Keith declared in 1971 that Hamtramck, a tiny Detroit-area city long known for Polish culture, had intentionally forced out blacks or cut them off from the community to make room for Interstate 75 and so-called urban renewal projects in the 1950s and '60s.
Hamtramck finally agreed to offer 200 family housing units, as well as housing for senior citizens, for violating the constitutional rights of black residents. Yet even today — decades later — there still are three houses left to build. Keith, who died on April 28, won't see the keys change hands, an unfortunate postscript for a judge whose steadfast enforcement of civil rights was the emblem of his career.
"The finish line will probably be this summer," said Michael Barnhart, an attorney who has represented generations of black families in the litigation. "I know his health was declining, but I wanted him to be there after all these years."
Hamtramck Mayor Karen Majewski said: "It's bittersweet. The end really is around the corner." Keith, the grandson of slaves, was a judge for 52 years, first at the U.S. District Court in Detroit, followed by 42 years on a federal appeals court. He made history on the bench, ruling against the Nixon administration's use of warrantless phone taps and ordering George W. Bush's administration to open deportation hearings.
In the Hamtramck lawsuit, filed in 1968, Keith noted that blacks made up less than 15% of the city's population but represented more than 70% of residents whose neighborhoods were broken up because of the path of I-75. He also cited other examples.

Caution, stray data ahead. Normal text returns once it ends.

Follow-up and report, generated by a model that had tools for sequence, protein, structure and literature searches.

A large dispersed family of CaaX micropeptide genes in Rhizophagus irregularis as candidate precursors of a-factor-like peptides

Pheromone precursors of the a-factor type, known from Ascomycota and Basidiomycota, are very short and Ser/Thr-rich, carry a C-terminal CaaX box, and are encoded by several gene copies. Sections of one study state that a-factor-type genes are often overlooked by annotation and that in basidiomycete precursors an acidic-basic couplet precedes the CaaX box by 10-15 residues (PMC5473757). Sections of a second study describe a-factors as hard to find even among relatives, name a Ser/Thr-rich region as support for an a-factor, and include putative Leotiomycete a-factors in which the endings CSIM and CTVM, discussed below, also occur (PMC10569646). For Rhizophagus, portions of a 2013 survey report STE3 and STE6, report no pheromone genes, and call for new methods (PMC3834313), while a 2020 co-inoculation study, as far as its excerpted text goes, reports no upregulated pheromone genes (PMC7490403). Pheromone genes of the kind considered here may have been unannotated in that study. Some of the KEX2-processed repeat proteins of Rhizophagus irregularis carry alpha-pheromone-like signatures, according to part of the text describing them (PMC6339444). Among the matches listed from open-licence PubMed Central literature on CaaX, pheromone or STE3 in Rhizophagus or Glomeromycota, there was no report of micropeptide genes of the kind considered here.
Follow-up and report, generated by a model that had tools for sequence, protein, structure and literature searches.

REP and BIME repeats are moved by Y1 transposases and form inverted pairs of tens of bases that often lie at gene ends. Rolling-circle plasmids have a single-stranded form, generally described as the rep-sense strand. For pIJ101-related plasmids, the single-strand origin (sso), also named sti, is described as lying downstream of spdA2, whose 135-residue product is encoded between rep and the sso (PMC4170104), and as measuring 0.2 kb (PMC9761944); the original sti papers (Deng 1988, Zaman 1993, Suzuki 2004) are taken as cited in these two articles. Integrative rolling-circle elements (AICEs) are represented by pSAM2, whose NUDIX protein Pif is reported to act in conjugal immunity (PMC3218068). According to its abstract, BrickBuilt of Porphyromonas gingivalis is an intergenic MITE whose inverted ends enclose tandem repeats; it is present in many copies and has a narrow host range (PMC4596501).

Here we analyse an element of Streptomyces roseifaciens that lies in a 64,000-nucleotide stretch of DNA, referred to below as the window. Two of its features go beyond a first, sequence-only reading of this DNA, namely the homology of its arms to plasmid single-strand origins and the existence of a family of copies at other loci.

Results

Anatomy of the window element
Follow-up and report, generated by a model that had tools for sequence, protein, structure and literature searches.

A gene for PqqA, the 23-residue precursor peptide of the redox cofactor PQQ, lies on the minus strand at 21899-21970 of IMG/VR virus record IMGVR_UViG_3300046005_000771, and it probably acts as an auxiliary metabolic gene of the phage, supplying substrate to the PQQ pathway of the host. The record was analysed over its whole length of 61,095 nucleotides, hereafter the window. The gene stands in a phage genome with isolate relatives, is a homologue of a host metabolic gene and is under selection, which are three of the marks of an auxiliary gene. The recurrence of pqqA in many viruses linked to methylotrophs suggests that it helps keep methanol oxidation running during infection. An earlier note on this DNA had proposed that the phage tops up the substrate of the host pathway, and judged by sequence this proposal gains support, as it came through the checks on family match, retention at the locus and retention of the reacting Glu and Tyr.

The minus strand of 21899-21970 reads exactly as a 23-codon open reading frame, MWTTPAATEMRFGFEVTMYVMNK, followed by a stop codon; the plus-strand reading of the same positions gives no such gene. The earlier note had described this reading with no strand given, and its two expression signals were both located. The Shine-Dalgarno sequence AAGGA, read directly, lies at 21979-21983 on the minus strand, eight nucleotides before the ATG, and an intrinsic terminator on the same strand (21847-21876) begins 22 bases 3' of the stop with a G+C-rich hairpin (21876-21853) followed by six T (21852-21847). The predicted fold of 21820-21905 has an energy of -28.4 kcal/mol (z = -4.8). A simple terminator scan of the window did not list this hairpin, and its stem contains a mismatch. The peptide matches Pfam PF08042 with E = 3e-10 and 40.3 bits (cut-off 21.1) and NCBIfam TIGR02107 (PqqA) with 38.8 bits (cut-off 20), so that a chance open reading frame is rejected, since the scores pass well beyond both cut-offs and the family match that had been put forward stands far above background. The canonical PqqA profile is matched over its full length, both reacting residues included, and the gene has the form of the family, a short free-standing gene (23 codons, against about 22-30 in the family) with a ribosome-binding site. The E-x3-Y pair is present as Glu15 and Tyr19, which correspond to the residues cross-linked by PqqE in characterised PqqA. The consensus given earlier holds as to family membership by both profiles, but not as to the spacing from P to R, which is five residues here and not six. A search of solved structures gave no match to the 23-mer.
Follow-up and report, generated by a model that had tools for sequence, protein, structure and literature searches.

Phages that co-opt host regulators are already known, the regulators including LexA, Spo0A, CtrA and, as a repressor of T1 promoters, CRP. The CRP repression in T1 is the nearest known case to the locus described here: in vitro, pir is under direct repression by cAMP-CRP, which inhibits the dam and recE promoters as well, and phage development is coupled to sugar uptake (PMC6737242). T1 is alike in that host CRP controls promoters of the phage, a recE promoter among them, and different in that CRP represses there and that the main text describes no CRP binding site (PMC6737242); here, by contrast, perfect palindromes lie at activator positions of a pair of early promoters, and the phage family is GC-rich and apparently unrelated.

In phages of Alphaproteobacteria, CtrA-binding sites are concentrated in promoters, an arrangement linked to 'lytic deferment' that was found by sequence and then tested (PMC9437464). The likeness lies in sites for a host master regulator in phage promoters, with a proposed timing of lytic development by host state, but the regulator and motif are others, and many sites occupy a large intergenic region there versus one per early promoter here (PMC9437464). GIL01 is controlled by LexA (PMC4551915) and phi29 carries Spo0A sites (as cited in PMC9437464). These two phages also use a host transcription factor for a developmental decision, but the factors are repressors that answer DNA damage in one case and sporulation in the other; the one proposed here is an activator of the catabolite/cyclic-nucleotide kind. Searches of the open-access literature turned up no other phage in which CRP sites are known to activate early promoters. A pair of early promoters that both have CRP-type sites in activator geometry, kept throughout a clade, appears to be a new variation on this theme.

"The judge referred to it as the 'black removal case,'" Barnhart said. "It was an extreme example of racial discrimination." After nearly a decade, Hamtramck agreed to offer housing at below-market rates to families that wanted to return. But that solution languished for many more years, due to political opposition and the city's poor finances. By 2010, half of the 200 units were complete, and Keith proudly attended a ribbon-cutting at a new home on Martin Luther King Jr. Day. Then work stalled again.
"The problem always was the city was broke," Barnhart said. "Through the whole case we've tried to identify federal programs or county programs or state programs to help us put together the housing that was needed. That has been the fundamental problem."
Keith had the case for virtually his entire career, keeping it until 2018 despite his promotion to the appeals court. In his 2014 biography, "Crusader for Justice," the judge scoffed at critics who accused him of "social engineering."
"If I see inequities ... as it relates to discrimination and violation of the law, then I have broad authority to fashion a remedy," Keith said. Lemuel Sawyer, 61, and his sisters are among those who have benefited from Keith's decision. His family was forced out when he was a boy, but he returned to Hamtramck in 2014 to live in a new two-story home. His parents are dead.
"To me, this is my mother's home. This is my family's home," Sawyer said, speaking in his doorway on Goodson Street. "Judge Damon Keith — he saved the day. He gave us optimism." Hamtramck, a 2-square-mile (5.1-square-kilometer) city surrounded by Detroit, was a haven for Polish immigrants who worked in area factories. A park features a towering statue of St. John Paul II, who visited as a cardinal and as pope. But the city now is culturally diverse: Someone looking for a meal can find a pierogi on one side of Hamtramck and a kebab at the other. Most City Council members are Muslim. A mosque sits across the street from a Roman Catholic church.
"The greatest monument in Hamtramck to Judge Keith is the fact that most of the residents have learned to live together in peace," city attorney James Allen said.
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